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There are movies you watch to forget, and movies you watch to remember. Watch Haemoo to remember.
(TIFF'14 Intro) Director Sung Bo Shim introduced the movie's afternoon screening and stuck around for Q&A session afterwards.
(Review) I consider Snowpiercer to be one of the best films to come out of 2013, and Joon-ho Bong's co-scripting duties on Haemoo was what attracted me to Haemoo. While first time director, and co-script(er) Sung Bo Shim took over directorial duties for Haemoo, it is with Snowpiercer that the film will most draw comparisons. Although they couldn't be more different in terms of scripting, plot, or even the message they aim to get across, they are both a gritty, bleak look at humanity's darker side, and in both cases, play their conflicts out in locations that mirror the messages the films are trying to get across. As Snowpiercer traces a revolution that begins in the bleak lower classes back carriages of the last remaining train on Earth, moves through the empowered, and autonomous middle class cars and ends at the apathetic, electronically numb upper classes carriages, the audience are treated to a class warfare fueled journey through the entirely of our world.
Bo Shim, here, plays his tale out on a small fishing vessel, and a desperate captain, who decides to transport human cargo when business runs slow. As in Snowpiercer, the fishing vessel, and the ocean it travels on, reflect the mental state of the crew. Clear waters and sunny oceans start their journey, dark stormy waters mark their arrival to pick up the new cargo and as the crew start breaking and coming to terms with what they've been forced to do, the Haemoo (sea fog) sets in, blinding our screens, and trapping the vessel in ethereal limbo. Bo Shim takes visual clues from Joon-ho Bong and dresses up the three areas of the ship according to their roles: the uppers decks are gray and steely, the fish hold (a very bad place) is dark and bleak, and the engine room, the only 'sanctuary' for a large part of the film, is decked in shades warm yellow and brown. The film looks stark and visceral, and everything, from the script to the acting, helps get that across.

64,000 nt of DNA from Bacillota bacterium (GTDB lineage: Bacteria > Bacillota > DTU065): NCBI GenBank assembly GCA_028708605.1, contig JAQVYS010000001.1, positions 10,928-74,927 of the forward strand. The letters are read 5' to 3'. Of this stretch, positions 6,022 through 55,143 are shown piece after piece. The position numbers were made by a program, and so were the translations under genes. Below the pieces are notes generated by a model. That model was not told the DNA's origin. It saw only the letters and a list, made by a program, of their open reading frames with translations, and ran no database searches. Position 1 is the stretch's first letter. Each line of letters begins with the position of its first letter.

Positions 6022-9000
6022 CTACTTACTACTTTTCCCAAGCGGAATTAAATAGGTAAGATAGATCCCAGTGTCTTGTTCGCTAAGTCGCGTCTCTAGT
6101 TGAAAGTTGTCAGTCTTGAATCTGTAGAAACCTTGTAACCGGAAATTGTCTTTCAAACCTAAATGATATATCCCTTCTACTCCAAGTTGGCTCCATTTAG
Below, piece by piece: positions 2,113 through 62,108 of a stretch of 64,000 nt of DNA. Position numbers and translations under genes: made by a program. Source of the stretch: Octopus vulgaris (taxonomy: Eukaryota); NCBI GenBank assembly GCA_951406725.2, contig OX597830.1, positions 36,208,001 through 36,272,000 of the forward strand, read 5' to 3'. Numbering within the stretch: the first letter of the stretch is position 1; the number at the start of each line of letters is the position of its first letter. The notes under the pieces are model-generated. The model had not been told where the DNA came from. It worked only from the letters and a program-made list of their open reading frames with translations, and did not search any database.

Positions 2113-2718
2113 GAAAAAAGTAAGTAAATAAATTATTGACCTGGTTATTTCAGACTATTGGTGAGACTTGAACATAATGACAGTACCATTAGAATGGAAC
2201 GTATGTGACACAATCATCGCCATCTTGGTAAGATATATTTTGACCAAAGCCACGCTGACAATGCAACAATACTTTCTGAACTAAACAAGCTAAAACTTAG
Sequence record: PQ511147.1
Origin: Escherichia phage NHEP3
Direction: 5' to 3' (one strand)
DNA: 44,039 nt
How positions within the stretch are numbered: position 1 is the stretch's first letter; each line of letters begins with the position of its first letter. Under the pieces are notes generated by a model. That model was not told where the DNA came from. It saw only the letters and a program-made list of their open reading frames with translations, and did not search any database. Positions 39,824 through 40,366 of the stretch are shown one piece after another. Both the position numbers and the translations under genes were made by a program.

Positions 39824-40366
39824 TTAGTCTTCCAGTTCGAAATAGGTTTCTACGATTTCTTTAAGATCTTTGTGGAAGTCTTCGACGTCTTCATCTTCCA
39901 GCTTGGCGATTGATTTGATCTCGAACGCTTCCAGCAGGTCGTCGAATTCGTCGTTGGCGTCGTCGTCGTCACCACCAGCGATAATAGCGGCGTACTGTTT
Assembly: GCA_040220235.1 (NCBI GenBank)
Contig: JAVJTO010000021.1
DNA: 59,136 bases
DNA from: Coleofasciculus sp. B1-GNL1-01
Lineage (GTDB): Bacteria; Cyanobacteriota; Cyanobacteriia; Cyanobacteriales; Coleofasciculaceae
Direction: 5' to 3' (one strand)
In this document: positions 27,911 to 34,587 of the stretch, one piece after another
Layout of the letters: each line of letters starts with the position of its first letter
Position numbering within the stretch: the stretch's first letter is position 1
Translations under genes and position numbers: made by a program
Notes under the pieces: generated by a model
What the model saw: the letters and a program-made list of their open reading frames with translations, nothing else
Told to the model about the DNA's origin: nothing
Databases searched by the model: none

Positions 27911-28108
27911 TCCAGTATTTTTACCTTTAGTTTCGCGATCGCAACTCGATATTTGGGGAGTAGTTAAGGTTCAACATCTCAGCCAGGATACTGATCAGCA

All the sights and sounds would be a waste without a solid script to back it up, and the movie does not disappoint. Haemoo throws average, ordinary, salt of the earth people into desperate situations that shatter, twist and test them. The movie's first act traces the lives of these fishermen, on and off land, and shows them going about their lives. The writing in these parts is so authentic that it's hard not to view them as real people, with real, crappy jobs by the time they head back off to sea. It is through these unremarkable and slow sequences (a charming little love story on the boat takes the better part of the first hour) that the script manages to put us at ease and catch us off guard when the s**t hits the fan. And it does hit the fan. I won't spoil anything for you, and while there's hardly any on screen violence, Haemoo was more effective as a horror movie than last night's screening of Rec 4. The final act culminates in one of the most haunting sequences you will see this year on the big screen, and ends with a perfect ending: unapologetic, chaotic, confusing, without closure. Real.
Before the film began, one of the film's protagonists (also in attendance) said she hoped that the movie will stay with the audience long after it's over. I find it hard to imagine anyone walking away from this film unscathed. How could ordinary people do these acts? Was there something dark inside them all along? Perhaps the things they were forced to do shattered their minds? Perhaps there something dark and twisted in everyone? These are questions I should stop asking myself, but I can't. Haemoo is a masterpiece, and excels in getting under your skin and affecting you on a very primal level. This is a movie you need to watch, and with an excellent score to boot, one you should want to.
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